Do: Use available resources. You know all those job fairs centered on spouses? Go. You might learn something, you might not, but at least you are utilizing a service put together specifically for people like us to find out what is out there and who is hiring. Shameless plug alert: SpouseBuzz and many other military spouse events have people in place to answer questions for you as well.
Do: Know your expectations. Stress and crappy bosses are for real jobs. Unless you are thinking of turning your Mom Job into a career, don’t take the work home with you or be bullied. You shouldn’t be stressed or treated poorly at a Mom Job, because a Mom Job is supposed to fill time and earn money. Know you might not get benefits, you might not be eligible for promotions and you might not be employee of the month. Then again, you might and the Mom Job might be the door to your future.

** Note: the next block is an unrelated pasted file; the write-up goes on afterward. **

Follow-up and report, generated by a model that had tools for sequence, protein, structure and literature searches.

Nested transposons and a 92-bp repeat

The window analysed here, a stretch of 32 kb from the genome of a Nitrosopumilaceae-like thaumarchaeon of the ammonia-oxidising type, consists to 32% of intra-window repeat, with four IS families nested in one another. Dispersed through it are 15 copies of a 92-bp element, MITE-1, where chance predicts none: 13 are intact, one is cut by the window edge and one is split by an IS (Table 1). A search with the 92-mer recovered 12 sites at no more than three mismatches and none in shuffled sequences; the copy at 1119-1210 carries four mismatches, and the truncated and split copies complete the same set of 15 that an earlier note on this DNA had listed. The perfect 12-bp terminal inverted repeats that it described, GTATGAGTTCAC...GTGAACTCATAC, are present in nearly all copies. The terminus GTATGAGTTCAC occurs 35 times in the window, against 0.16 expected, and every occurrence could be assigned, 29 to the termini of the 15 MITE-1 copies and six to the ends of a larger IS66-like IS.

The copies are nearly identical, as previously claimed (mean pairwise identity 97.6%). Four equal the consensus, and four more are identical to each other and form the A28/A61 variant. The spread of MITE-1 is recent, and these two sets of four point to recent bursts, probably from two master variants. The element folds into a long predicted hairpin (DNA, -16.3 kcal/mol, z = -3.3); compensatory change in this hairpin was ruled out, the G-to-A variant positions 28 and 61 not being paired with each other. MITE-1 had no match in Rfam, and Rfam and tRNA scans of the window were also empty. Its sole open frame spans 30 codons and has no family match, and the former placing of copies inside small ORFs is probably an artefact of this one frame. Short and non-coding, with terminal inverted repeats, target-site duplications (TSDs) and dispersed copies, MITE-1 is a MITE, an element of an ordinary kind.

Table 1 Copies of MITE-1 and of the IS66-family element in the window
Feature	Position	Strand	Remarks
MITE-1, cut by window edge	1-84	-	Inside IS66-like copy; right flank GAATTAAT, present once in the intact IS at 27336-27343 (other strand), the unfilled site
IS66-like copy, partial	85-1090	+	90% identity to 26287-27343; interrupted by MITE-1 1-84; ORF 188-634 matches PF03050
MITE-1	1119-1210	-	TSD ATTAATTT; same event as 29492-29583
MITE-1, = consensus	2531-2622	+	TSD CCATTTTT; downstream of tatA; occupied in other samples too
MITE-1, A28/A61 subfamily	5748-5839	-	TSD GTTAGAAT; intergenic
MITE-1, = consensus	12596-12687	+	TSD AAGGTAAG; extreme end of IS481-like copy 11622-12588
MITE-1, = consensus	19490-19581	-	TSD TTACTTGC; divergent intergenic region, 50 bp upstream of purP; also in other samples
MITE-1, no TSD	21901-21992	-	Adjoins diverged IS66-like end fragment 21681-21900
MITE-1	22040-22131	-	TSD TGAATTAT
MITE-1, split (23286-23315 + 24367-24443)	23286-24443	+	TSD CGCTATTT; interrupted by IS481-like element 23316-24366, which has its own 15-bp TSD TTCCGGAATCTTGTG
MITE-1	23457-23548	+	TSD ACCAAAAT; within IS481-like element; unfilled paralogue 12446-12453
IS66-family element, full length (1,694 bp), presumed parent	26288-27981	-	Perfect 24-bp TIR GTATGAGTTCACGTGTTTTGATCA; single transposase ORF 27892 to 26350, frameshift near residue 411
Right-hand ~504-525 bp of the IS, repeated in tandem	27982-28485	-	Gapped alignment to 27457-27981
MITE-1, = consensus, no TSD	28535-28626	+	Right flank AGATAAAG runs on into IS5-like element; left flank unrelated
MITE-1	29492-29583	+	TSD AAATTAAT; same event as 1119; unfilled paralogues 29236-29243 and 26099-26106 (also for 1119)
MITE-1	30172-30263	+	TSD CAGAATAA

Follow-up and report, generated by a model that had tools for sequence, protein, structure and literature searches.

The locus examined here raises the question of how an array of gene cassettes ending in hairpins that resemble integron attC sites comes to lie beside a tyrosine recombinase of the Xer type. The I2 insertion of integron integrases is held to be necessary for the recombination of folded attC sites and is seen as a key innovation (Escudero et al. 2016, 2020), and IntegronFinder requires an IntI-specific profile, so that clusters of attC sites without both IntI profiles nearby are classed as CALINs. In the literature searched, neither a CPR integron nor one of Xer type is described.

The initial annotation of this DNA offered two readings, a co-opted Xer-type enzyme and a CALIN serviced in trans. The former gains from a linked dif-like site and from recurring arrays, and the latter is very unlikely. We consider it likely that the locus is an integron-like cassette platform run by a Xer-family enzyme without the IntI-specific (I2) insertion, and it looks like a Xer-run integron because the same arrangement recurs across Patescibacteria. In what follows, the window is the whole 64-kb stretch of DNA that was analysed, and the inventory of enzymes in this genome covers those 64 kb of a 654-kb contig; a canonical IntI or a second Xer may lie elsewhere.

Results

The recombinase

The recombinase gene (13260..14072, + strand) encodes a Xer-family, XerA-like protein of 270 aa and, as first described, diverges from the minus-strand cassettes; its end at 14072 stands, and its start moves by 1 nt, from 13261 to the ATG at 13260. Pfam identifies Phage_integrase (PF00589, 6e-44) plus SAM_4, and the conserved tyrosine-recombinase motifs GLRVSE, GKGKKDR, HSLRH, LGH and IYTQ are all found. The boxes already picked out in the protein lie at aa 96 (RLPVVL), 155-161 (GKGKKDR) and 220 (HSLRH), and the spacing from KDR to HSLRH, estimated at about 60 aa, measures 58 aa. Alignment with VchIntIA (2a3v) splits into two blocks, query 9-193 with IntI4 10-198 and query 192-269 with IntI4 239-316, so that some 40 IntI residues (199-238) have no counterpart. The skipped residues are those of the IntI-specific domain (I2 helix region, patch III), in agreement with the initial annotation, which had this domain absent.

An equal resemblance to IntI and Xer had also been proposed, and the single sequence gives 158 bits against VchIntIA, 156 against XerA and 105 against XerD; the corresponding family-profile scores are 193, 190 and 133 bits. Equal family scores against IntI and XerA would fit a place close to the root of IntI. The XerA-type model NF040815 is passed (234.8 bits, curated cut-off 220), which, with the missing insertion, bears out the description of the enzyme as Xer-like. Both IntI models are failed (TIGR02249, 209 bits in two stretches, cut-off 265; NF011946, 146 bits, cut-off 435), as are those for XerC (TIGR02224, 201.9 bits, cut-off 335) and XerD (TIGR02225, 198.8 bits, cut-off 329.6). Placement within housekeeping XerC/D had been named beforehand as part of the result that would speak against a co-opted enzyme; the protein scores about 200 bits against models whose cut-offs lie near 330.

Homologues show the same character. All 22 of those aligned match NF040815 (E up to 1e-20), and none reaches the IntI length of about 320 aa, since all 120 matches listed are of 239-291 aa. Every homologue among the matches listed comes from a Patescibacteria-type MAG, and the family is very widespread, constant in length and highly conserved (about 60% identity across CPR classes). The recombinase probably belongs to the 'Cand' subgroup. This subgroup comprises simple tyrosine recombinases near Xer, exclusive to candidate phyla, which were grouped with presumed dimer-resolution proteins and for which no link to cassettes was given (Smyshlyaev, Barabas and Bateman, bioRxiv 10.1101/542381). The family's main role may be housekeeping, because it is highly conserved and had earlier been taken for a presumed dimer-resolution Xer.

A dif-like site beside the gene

It can be a challenge to find work, especially if you live in an area where jobs are hard to come by and you don't have an option of where you work, who you work for, or how what you get paid when you need, need, need a job financially.
What have you learned/heard that could help someone find a job in those situations???
Heidi has been and is currently employed with her Mom Job of choice so she can attend a bajillion class parties, volunteer with whatever floats her boat, and help their checking account.